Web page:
The Bi(111) surface was studied by scanning tunneling microscopy (STM), transmission electron microscopy (TEM), and angle-resolved photoemission spectroscopy (ARPES) in order to verify the existence of a recently proposed surface charge-density wave (CDW) [Ch. R. Ast and H. Höchst, Phys. Rev. Lett. 90, 016403 (2003)]. The STM and TEM results do not support a CDW scenario at low temperatures. Furthermore, the quasiparticle interference pattern observed in STM confirms the spin-orbit split character of the surface states which prevents the formation of a CDW, even in the case of good nesting. The dispersion of the electronic states observed with ARPES agrees well with earlier findings. In particular, the Fermi contour of the electron pocket at the center of the surface Brillouin zone is found to have a hexagonal shape. However, no gap opening or other signatures of a CDW phase transition can be found in the temperature-dependent data.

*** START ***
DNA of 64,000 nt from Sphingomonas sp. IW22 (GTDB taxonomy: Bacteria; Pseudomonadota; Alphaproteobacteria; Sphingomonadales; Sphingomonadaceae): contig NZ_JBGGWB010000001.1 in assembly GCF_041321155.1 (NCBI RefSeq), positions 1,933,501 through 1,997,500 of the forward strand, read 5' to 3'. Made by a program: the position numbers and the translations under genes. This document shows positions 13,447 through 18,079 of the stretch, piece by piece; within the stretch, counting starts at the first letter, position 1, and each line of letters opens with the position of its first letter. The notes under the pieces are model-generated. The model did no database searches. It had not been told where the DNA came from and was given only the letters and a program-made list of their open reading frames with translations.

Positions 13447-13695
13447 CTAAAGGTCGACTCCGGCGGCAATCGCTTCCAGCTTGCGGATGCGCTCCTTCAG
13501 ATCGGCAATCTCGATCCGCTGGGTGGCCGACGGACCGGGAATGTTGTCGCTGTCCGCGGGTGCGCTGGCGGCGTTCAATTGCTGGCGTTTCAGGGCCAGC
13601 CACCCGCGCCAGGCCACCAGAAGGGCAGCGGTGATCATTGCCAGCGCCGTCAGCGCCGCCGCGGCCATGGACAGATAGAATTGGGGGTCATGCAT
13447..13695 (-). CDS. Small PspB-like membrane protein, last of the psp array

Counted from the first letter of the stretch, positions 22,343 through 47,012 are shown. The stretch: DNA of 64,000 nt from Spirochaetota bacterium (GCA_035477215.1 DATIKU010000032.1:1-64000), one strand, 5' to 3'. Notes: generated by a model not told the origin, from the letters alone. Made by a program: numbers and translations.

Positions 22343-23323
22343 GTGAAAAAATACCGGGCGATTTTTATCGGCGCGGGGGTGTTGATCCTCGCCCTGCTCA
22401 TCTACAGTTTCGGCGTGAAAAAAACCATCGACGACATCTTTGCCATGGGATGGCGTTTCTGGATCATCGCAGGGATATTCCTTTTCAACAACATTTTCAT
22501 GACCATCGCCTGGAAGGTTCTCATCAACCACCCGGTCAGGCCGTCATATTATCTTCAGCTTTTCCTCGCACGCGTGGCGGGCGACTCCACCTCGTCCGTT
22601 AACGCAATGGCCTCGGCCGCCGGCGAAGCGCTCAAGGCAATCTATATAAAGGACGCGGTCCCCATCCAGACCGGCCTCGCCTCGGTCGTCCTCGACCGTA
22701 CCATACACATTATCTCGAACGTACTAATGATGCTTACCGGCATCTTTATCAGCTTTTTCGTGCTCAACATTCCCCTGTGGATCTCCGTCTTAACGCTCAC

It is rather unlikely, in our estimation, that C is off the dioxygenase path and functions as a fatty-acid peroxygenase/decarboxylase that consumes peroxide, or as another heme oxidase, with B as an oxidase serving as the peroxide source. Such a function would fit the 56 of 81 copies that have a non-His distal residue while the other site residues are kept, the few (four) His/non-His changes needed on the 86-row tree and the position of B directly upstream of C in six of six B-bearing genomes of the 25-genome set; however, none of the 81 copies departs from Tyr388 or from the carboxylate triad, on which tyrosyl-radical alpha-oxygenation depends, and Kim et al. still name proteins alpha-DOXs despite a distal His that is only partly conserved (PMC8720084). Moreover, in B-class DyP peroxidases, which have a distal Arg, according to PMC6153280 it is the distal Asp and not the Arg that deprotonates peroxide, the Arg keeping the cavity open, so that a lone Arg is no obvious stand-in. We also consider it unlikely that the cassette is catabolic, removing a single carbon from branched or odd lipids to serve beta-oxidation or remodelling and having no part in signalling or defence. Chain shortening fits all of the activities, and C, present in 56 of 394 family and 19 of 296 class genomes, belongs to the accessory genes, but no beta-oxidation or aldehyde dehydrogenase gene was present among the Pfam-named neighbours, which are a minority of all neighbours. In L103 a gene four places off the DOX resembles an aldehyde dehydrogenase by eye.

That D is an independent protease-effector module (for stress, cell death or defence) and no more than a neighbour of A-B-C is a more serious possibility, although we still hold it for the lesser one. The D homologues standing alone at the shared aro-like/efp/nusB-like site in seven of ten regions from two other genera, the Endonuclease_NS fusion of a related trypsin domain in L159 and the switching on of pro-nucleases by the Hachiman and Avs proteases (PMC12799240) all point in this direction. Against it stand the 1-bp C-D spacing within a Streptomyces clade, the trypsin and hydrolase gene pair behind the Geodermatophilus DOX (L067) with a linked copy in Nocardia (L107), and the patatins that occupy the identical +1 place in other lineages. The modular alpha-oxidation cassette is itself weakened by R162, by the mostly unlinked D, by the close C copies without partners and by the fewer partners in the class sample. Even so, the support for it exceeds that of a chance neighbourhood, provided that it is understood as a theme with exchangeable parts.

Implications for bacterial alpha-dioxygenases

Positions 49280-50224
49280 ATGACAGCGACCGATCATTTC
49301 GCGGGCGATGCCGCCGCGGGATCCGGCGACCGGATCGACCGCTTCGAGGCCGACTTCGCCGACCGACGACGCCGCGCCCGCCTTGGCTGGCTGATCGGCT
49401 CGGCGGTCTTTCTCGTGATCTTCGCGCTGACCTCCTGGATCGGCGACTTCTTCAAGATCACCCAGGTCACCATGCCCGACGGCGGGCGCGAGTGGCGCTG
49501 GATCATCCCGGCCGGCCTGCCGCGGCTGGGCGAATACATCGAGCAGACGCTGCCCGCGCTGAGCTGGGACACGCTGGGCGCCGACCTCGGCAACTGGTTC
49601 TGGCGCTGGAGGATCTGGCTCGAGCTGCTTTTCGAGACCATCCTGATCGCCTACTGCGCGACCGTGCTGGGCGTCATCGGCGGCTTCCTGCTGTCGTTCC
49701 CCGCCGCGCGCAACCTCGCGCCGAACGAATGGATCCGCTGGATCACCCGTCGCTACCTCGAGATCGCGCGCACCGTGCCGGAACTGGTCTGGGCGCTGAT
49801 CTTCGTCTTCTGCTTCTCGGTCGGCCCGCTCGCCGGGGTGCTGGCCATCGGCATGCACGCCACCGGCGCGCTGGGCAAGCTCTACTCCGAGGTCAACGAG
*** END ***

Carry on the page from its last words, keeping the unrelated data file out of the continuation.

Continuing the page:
|Original language||English (US)|
|Journal||Physical Review B - Condensed Matter and Materials Physics|
|State||Published - Aug 15 2005|
ASJC Scopus subject areas
- Electronic, Optical and Magnetic Materials
- Condensed Matter Physics